Ethiopia: AU makes major strides to eliminate cross-border barriers to trade

Addis Ababa, Ethiopia (PANA) – The African Union (AU) is set to finalise the Continental Free Trade Area (CFTA) negotiations, aiming to create a single and integrated market for goods and services by the deadline of December 2017, AU Commissioner for Trade, Albert Muchanga, announced Thursday.

“We are confident that by the end of this year, we shall have an integrated and commercially viable market space,” Muchanga told reporters in Addis Ababa, Ethiopia, as the African ministers of foreign affairs, trade and industry and senior state officials prepared to attend the opening of the ministerial segment of the 29th AU Heads of State and Government Assembly, better known as the AU Summit.

The completion of the negotiations for the formation of the AU Continental Free Trade Area in December would open up the continent for the free movement of goods across borders.

Muchanga said the next phase of the negotiations would focus on other trade rules such as the competition rules, investment and the intellectual property rights.

The CFTA would be established once the countries sign a trade agreement that would be concluded by the AU members within the framework of Abuja Treaty Establishing the African Economic Community.

The AU is eying the creation of a single economic bloc with a combined economic strength of US$3 trillion. The CTFTA would enable the continental organisation to create a market for goods and services in 55 countries, rather than the fragmented units.

According to the AU Commission, the expanded market would lead to a 52% increase in the trade amongst African countries by 2022 and a 6% rise in the African exports to the rest of the world.

African economists argue that the African producers of raw materials and goods have been unable to create an impact on the world export markets despite being the major producers because they lack the coordination and sophistication that would make their exports have an impact on world prices.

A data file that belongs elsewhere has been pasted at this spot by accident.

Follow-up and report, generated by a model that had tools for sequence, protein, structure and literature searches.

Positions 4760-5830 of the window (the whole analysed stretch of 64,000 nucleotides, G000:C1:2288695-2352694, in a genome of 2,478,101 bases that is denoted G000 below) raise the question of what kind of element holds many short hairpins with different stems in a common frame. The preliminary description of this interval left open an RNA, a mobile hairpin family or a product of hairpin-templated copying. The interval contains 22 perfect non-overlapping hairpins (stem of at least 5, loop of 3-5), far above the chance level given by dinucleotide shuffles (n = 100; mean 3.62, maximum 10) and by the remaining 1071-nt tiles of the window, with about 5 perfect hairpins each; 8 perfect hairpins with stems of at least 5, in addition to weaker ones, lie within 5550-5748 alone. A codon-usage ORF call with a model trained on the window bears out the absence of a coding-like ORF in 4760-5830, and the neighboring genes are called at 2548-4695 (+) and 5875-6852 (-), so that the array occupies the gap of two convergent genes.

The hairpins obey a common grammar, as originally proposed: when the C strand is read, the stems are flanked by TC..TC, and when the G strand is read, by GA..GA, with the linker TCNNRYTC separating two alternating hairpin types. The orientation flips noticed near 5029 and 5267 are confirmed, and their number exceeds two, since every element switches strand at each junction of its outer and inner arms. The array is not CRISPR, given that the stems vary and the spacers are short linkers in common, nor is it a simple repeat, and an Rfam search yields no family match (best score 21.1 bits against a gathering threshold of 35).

The desired economic impact would be created when producers coordinate the release of their produce and effectively manage the market booms and downward trends.

The AU believes that with the launching of the CFTA, the organisation would be able to effectively remove taxes and other charges that affect trade in agricultural goods traded in Africa.

It would also limit and eventually remove the non-tax barriers as well as enhance the flow of goods and services across most countries.

“We are working on the establishment of the Continental Free Trade Area against a background where Africa faces the challenges of massive unemployment, under-employment, poverty and climate change,” Muchanga told a news conference here.

Trade amongst African countries stands at 14%. The AU hopes this would double by 2021 to 28%.

The AU experts providing facilitation to the negotiators believe the uneven economic development within Africa could become a major barrier to the achievement of the CFTA.
-0- PANA AO/VAO 30June2017

30 june 2017 12:44:28

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